Another optional feature of the present invention is reinforcement (16) may be added on top of the first layer (14) which interfaces with the barrier layer (12). Such reinforcement (16) is known to those skilled in the art and may consist of spiraled, knitted or braided yarn. Such reinforcements are typically derived from polyester, nylon, rayon or aramid cords. The reinforcement (16) is preferably spirally wound about the first layer under sufficient tension to improve the strength of the hose structure. The reinforcement layer (16) is preferably spirally wrapped at angles such that the flexing of the hose will not result in collapse or kinking. An angle such as from 0° to 89.9° with respect to the centerline of the hose may be used. Most preferably, a neutral angle of 54° 73' or below is used for the spiral wraps.
As mentioned above, the elastomeric cover (18) is the outside layer.
The following examples are provided to illustrate the instant invention and are not intended to limit the same. All parts are parts by weight, unless listed otherwise.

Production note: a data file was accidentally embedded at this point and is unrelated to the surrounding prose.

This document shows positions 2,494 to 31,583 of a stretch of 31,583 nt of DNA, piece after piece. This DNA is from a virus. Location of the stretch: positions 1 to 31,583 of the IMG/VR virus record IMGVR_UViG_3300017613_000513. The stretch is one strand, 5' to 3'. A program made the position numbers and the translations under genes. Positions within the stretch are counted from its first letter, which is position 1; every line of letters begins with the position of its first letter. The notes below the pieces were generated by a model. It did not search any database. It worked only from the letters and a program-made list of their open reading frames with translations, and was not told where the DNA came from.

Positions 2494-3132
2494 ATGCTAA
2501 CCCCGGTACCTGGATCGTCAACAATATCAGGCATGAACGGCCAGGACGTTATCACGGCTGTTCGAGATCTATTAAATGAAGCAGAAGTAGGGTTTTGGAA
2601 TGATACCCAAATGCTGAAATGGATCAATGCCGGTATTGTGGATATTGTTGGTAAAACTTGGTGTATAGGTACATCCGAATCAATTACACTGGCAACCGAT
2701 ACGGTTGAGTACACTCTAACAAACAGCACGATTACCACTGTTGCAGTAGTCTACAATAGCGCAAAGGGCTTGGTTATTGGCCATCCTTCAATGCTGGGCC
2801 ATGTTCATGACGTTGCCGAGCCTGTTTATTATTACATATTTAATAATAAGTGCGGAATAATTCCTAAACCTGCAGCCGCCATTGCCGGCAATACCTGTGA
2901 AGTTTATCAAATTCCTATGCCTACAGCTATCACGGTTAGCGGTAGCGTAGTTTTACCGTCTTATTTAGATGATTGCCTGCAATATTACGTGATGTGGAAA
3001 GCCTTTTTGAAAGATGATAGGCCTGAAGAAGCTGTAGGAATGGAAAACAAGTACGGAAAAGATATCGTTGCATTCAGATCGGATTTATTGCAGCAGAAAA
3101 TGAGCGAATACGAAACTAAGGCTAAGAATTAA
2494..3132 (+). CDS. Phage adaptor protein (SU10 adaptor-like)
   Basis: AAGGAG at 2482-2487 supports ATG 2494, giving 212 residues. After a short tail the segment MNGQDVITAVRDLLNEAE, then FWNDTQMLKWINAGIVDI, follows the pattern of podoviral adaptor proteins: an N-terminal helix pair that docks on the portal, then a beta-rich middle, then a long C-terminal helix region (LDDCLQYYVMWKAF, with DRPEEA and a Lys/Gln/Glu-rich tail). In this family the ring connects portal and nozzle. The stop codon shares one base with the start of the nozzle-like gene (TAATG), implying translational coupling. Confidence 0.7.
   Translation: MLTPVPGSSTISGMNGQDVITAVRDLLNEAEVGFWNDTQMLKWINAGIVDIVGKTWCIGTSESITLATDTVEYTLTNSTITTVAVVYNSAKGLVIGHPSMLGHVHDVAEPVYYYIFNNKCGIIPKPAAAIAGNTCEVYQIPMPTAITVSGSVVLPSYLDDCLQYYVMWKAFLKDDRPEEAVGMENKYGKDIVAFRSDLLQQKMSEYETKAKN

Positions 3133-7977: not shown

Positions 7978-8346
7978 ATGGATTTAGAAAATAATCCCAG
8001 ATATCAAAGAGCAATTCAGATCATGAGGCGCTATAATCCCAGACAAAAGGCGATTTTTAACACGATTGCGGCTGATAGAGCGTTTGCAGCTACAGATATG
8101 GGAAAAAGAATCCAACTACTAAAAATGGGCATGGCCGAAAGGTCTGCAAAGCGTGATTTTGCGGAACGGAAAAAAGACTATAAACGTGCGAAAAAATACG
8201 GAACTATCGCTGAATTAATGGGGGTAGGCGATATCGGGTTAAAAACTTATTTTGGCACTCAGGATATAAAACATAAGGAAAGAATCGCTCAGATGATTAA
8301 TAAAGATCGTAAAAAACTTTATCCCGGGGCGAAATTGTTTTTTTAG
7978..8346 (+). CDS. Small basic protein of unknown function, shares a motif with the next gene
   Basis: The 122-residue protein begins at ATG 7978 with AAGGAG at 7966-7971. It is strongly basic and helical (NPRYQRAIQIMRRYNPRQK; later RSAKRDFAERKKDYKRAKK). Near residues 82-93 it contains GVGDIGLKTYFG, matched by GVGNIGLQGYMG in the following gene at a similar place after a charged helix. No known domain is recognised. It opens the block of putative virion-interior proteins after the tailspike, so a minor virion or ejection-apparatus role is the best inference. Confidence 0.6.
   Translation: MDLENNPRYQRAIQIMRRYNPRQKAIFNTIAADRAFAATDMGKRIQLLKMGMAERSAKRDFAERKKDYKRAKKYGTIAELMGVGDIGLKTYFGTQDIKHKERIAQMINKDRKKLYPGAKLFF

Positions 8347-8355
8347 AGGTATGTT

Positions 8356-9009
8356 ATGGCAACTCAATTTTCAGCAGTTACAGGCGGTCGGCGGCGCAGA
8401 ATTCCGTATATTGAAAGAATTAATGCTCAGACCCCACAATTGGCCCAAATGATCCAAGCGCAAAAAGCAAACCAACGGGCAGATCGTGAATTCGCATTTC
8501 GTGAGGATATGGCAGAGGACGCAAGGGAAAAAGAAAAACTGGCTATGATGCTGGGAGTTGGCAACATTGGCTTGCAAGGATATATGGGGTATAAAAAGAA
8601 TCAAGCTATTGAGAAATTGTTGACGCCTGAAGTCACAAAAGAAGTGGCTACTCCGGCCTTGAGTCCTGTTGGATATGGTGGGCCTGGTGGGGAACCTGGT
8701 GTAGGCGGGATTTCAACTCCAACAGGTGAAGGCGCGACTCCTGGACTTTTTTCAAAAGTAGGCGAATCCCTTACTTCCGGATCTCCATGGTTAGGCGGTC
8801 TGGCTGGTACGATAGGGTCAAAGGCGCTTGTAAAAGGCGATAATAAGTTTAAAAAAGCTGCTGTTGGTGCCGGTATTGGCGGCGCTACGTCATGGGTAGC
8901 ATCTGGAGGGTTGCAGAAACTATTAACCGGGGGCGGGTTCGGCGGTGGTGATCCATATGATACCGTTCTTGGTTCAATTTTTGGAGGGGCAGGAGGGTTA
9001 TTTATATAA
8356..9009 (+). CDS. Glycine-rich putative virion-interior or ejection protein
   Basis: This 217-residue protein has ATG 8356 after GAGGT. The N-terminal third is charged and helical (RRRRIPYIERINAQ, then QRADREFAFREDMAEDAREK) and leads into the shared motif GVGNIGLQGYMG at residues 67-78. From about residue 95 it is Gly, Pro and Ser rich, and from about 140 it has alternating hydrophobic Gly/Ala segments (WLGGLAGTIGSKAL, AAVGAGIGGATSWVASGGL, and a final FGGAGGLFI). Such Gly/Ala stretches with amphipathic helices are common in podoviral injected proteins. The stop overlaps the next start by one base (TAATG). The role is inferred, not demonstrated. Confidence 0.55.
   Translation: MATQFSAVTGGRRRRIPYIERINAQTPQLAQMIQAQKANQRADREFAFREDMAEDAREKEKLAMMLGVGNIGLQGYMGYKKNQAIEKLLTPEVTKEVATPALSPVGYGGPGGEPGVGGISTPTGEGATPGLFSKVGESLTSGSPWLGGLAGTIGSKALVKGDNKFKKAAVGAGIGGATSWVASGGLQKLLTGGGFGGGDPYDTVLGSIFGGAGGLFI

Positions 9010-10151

In accordance with the teachings of the present invention, a hose construction was prepared. The hose construction comprised an inner core of an NBR compound. The NBR compound contained 100 phr of Chemigum™ N608, 2 phr of P152 and conventional amounts of antidegradants, MgO, carbon blacks, processing oils, organosilane, CaO and accelerators.
The NBR inner core tube was extruded using a Berstorff 4.5 inch (11.43 cm) diameter 16:1 L/D rubber extruder and straight head with temperature profile as shown in Table 1. The tube was extruded to 1.48 inch (3.76 cm) ID by 0.098 inch (2.49 mm) wall using a 1.290 inch (3.28 cm) OD inner die and a 1.430 inch (3.63 cm) ID outer die. The screw was running 34 to 37 RPM to produce a line speed of 60 feet per minute (18.29 meters per minute). The extrudate was cooled with water spray and the excess water removed by a forced air blow-off device. The NBR extrudate was then wrapped on a pan and moved to the next step.